[xrr rating=4.5/5]The sounds of settling are sometimes monotonous and uninventive. Who wants to hear an aging indie rocker sing about putting the kids to bed or having a barbecue with the neighbors down the block? Indeed, rock ‘n’ roll has long been the domain of the young and the restless, those who grab life by the horns and dance recklessly through perpetual adolescence. What’s a young man to do, then, when he outgrows the Never Never Land of rock stardom and does conventionally “adult” things like get married and have kids and buy a house?

Fortunately, in the case of Walkmen frontman Hamilton Leithauser, you keep growing artistically, keep questioning everything and make the most mature, emotionally satisfying record of your career. Heaven, the New York City-based group’s seventh studio effort, transcends the negative stereotypes associated with the label “dad rock” even as it acutely examines what it means to be a parent, to be in a long-term relationship and to search for a sense of stability in one’s life. Despite its sunny name, the record depicts a stage of life fraught with as much ambiguity as domestic tranquility.

To be sure, Heaven gives off its fair share of relentlessly positive vibes. The album begins with the optimistically named “We Can’t Be Beat,” quite a contrast to infamously self-doubting titles of past Walkmen songs like “We’ve Been Had,” “Everybody Who Pretended To Like Me Is Gone” or “Woe Is Me.” Indeed, the tune’s central lyric, “We’ll never leave/ We can’t be beat/ The world is ours,” is a victorious cry from a band who just celebrated its 10th anniversary. The anthemic title track is written from the perspective of one best friend to another, reminding him to “Remember, remember/ All we fight for.” A pleasant sentiment, indeed.

On the other hand, The Walkmen depict domestic love as not comfortable, but full of uncertainties. The line “Give me a life that needs correction/ Nobody loves love’s perfection” pretty much sums it up. On “The Witch,” the record’s grittiest track, the speaker ruminates on the complicated status of his relationship, describing “driving through central Michigan/ Listening to the country station and wondering where I stand.” The sublimely beautiful “Southern Heart” finds a man haunted by the past asking his partner to “Tell me again how you love all the men you were after.”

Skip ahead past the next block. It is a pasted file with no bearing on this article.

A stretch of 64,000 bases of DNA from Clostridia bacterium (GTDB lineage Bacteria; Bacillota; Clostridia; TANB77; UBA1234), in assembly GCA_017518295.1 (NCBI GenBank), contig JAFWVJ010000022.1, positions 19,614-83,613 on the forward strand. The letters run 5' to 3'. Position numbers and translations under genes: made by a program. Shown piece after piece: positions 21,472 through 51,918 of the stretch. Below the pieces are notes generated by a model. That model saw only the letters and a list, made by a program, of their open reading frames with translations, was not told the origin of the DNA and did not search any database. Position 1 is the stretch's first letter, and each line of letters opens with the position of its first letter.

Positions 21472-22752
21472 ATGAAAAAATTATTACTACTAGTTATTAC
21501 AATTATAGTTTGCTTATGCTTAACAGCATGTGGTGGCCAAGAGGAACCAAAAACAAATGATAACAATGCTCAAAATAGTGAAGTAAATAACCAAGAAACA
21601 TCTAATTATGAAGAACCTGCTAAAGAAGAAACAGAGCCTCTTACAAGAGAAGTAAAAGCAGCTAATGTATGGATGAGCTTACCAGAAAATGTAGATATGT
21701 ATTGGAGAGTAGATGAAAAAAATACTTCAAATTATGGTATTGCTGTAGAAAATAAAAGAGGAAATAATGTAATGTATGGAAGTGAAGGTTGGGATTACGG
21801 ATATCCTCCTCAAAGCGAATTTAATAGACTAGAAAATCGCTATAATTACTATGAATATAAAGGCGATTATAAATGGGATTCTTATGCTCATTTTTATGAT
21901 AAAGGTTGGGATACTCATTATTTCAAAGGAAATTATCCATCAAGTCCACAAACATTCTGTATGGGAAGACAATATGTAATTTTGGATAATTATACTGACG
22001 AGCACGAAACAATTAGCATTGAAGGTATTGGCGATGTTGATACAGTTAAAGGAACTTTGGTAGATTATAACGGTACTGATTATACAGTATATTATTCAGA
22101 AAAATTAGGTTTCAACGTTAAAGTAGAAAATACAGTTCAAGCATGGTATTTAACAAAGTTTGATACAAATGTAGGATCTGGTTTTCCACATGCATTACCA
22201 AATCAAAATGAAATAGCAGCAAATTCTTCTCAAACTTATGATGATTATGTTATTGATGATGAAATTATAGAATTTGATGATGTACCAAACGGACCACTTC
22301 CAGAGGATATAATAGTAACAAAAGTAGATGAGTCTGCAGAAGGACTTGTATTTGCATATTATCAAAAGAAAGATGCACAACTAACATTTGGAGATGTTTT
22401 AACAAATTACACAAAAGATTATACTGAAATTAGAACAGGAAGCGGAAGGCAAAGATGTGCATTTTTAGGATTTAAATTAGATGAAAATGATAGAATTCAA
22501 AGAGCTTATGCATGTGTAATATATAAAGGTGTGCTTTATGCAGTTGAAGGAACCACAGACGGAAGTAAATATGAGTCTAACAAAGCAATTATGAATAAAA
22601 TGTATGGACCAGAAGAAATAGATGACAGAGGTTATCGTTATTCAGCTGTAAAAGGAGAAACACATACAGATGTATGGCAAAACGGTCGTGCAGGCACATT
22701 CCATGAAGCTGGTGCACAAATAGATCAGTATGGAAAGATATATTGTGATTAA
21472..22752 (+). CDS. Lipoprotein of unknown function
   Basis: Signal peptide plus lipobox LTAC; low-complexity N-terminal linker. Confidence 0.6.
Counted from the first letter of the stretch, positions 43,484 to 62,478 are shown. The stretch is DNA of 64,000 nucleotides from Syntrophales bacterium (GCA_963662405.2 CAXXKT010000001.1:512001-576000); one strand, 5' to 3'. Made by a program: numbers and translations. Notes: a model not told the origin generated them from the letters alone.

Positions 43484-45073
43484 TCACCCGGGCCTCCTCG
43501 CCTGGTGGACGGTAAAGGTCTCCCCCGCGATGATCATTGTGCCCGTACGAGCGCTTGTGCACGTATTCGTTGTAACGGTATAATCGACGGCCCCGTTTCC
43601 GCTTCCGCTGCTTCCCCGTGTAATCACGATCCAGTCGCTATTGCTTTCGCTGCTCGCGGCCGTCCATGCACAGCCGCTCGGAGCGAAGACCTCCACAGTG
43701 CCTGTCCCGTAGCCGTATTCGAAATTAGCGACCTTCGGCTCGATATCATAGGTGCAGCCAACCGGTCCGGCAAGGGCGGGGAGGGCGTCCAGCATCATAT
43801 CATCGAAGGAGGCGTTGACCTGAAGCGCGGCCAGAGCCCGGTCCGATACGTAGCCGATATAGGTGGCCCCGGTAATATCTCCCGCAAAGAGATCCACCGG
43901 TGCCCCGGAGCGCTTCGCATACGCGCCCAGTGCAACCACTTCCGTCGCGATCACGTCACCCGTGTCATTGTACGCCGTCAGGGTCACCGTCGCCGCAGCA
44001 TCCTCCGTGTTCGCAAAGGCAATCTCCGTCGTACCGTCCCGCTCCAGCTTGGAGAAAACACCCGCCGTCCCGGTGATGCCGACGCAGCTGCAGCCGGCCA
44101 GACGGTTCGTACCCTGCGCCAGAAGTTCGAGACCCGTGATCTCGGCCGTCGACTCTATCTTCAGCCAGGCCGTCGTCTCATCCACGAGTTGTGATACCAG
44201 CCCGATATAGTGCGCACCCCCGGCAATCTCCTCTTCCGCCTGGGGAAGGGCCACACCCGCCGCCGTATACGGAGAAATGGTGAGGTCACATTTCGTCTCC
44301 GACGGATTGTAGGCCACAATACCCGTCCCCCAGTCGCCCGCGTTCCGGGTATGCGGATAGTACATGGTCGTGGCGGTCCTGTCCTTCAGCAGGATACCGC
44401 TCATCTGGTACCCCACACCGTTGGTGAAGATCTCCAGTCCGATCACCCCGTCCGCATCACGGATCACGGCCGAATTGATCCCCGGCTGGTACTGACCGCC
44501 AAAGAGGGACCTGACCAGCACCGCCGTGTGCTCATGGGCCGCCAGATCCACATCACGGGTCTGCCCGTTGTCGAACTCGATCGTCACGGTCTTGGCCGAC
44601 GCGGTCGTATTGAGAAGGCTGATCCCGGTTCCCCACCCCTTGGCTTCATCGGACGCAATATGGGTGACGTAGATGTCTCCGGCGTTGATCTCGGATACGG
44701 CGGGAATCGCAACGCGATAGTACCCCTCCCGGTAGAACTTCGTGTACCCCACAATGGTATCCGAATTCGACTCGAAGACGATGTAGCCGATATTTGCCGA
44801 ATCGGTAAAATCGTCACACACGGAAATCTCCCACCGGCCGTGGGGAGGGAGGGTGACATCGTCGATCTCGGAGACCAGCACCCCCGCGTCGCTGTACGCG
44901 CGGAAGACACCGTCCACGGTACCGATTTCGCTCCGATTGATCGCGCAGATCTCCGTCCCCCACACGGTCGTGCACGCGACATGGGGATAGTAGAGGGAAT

“Line by Line” sounds like a parent giving his child answers to difficult questions (“Now I know how the story goes/ The wicked all will die/ How do you know it?/ I just know it”). This hyperbolic certainty stands in ironic contrast to the dark, minor-key, uncomfortably minimalistic texture. It’s not a positive anthem of faith but rather an admittance of tentative acceptance. Even “Song for Leigh,” a track purportedly written as a kind of lullaby for Leithauser’s daughter, has a dark undercurrent. He dishes out simplistic fatherly advice, such as, “Patience will keep you alive.” Just when you think that Leithauser has given us a sentimental parenting tune in the vein of Paul Simon’s “Father and Daughter” or Ben Folds’ “Gracie,” we get the main lyric, “I sing myself sick about you,” illustrating not just the pleasures of parenthood, but the relentless anxiety it can cause.

The emotional complexity of the record’s lyrics is reinforced by its multifaceted sonic concept. Producer Phil Ek ensures that Leithauser’s voice soars above the mix when it needs to, though it never quite reaches the heightened melodrama of “The Rat” or “Angela Surf City.” Guitarist Paul Maroon retains his pencil-thin texture, although “Song for Leigh” has a Byrds-inflected jangly guitar at its base. “Heartbreaker” has a deliberately vintage sound, referencing the vocal style of Roy Orbison and the production values of The Ronettes. On “No One Ever Sleeps,” the group’s “circus music” tendencies come on a bit too strong, with the overall vibe resembling a lopsided carousel waltz.

The Walkmen succeed where many have failed in the past. They have created a record about happiness that doesn’t simply wallow unequivocally in the securities of adult life. They depict heaven not as a place at which they have arrived but as an ideal they are imperfectly pursuing. Miraculously, they have retained the passion of that group that shouted, on their breakthrough single almost 10 years ago, “Can’t you hear me pounding on your door?” Let’s just hope that they keep knocking for at least another 10 years.

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